This may seem like a strange way to begin a review of Acts of Desperation, which in broad terms is about a woman’s account of her obsessive relationship with an abusive man, but I’m currently taken by an article by Maria Tumarkin, ‘This Narrated Life’ in the Griffith Review, which outlines her suspicion of turning all experiences into stories. She’s talking about the danger of turning experience into the typical arc that brings personal development because of the enforced omissions and elisions the form requires. She’s talking about the danger of repeating difficult stories that remain, regardless, unlistened to.
One of the things that Megan Nolan does so well, is to avoid the clichés of speaking her trauma. I know this is a novel, but the character is definitely someone who sits very neatly in this arc of personal development and yet very early on Nolan writes:
‘Events that were objectively worse than what was to follow with Ciaran had taken place in my earlier adulthood, sordid checkpoints of the wounded woman. I cannot speak about these things too soon because their names alone summon like a charm the disinterest of an enlightened reader. Female suffering is cheap and is used cheaply by dishonest women who are looking only for attention – and of all our cardinal sins, seeking attention must surely be up there.’
She writes with a vividly awake sense of what it means to be a woman whose past contains stories of victimhood. Here’s another fabulous quote:
‘Mediating your own victimhood is just part of being a woman. Using it or denying it, hating it or loving it, and all of these at once. Being a victim is boring for everyone involved. It is boring for me to present myself through experiences which are instrumentalised constantly as narrative devices in soap operas and tabloids.
Is this why I am so ashamed of talking about certain events, or find them interesting? This is part of the horror of being hurt generically. Your experiences are so common that they become impossible to speak about in an interesting way.’
The novel has a depth that I’m not convinced the marketing team is aware of. The cover of this book (see above) has a woman’s face appearing through the outline of an apple, reducing women and the narrator, once again, to victim or temptress, to that naughtly little Eve who perpetrated mankind’s original sin. Acts of Desperation is a much more interesting narrative that attempts to move away from and challenge that dichotomy.
Though the language isn’t always as visceral as I’d like, there is a delight in reading eloquently described emotions and experiences that are so broadly recognisable to the female experience. There are two really stand out moments for me in this novel. The first is when the narrator is standing at the sink making dinner.
‘It’s a peculiar anger, resenting doing something that nobody asked you to do. And it’s a peculiarly impotent sort of anger that domestic labour brings about. It was building up in me, a feeling like the blood of my body slowly becoming dirty as it coursed through.
With every strip shorn off the potato I cursed him and the apartment, even though as I did so I knew it was I who had begged – quite literally at times, had begged on my knees – for the privilege of living in this place with him, in this exact manner. It was I who had been so anxious for domesticity, for the reassuring sameness of our shared routine, for the comfort of knowing that it was me he slept with every night.’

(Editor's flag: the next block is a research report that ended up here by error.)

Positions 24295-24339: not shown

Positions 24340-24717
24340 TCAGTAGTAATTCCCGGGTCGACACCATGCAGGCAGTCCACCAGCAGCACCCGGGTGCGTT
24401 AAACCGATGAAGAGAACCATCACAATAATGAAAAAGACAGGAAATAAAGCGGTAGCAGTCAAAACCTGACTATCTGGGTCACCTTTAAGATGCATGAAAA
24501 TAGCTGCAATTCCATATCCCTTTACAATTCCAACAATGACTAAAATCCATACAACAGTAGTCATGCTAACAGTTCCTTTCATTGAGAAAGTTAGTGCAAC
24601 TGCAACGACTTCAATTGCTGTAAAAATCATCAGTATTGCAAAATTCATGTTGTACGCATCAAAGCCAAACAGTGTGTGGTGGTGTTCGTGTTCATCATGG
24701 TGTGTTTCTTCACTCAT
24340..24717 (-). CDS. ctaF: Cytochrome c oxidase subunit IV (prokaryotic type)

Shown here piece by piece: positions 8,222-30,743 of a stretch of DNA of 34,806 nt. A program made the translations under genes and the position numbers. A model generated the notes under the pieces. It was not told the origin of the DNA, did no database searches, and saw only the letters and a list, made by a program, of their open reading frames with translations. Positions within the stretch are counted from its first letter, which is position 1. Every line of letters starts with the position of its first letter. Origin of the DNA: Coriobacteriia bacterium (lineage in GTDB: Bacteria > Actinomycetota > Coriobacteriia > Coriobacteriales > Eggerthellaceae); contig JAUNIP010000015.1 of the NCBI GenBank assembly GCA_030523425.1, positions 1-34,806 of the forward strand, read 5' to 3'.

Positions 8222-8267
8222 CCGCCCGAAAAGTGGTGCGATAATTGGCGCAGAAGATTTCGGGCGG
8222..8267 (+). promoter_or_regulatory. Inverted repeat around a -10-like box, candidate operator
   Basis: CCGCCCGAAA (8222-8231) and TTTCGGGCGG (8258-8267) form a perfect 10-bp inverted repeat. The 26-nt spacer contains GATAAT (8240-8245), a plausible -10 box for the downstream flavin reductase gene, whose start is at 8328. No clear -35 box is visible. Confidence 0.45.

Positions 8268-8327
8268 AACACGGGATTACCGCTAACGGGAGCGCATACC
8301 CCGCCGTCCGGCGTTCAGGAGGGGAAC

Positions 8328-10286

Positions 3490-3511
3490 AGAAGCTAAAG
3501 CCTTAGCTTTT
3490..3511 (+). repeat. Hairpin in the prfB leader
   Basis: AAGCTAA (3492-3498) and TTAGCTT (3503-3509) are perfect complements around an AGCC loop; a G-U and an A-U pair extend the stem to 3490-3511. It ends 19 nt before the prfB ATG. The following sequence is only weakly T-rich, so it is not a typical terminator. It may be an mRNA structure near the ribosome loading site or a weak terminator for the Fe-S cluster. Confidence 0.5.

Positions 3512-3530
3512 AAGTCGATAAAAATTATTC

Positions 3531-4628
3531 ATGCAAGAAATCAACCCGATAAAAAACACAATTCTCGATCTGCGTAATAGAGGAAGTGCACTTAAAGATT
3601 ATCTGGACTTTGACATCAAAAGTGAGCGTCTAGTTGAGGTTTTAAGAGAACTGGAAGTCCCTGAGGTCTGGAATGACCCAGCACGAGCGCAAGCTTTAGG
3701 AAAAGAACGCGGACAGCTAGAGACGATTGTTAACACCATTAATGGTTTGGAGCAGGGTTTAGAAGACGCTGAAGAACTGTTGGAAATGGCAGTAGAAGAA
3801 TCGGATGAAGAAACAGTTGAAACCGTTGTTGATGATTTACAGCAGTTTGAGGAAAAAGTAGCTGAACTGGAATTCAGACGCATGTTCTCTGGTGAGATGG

The second is about how hard it is to say no. I could have quoted quite a large amount on this, so the ellipses represent some large gaps in the text.
‘I thought, not for the first time, that wheedling of the sort he had employed should be forbidden in men. It was already so near to impossible to say no to a man, so difficult to accept the possibility of being hurt or disliked or shouted at. It takes so much out of you to make yourself say no when you have been taught to say yes, to be accommodating, to make men happy.
Once you’ve said no, a man wheedling feels unbearable. Even if he does it politely, or gently, it overrides the clearly expressed intention. It says: Your choice does not really matter. What I desire matters, and I don’t want to feel bad for forcing you into it. So perhaps you ought to reconsider?
Wheedling is cowardly, and violent. When you change someone’s no to yes by wheedling, you have stolen from them what does not belong to you.
It was the last thing I wanted to do, and I did it.
… When I sleep with men I don’t like, men who irritate or scare or disgust me, because it is easier to do so, I make myself as bad as they are. … I hate them less afterwards, because I’ve made myself as pathetic as they are.’
There is little point in telling the plot of the story. It is a familiar one. What’s interesting about this book is the way that it approaches these experiences as narrative devices that have been exploited so many times. Hence my many quotations above. It’s great that Acts of Desperation makes the reader think about how and why certain stories are told, about what it means to speak of the peculiarities of being a woman in a patriarchal society. Sometimes it does feel whingey, sometimes it does feel exhausting, but it is also astute and page-turning. It’s drawing attention to some interesting complexities at the heart of turning difficult experience into narrative and it does it in a way that will grip the reader.
I recommend reading the book and the article together and having a think about what we want story to do for us, about the ways we use it and how that might enhance as well as detract from the way we shape ourselves and our future world.
I’ll be reviewing We Are All Birds of Uganda by Hafsa Zayyan next.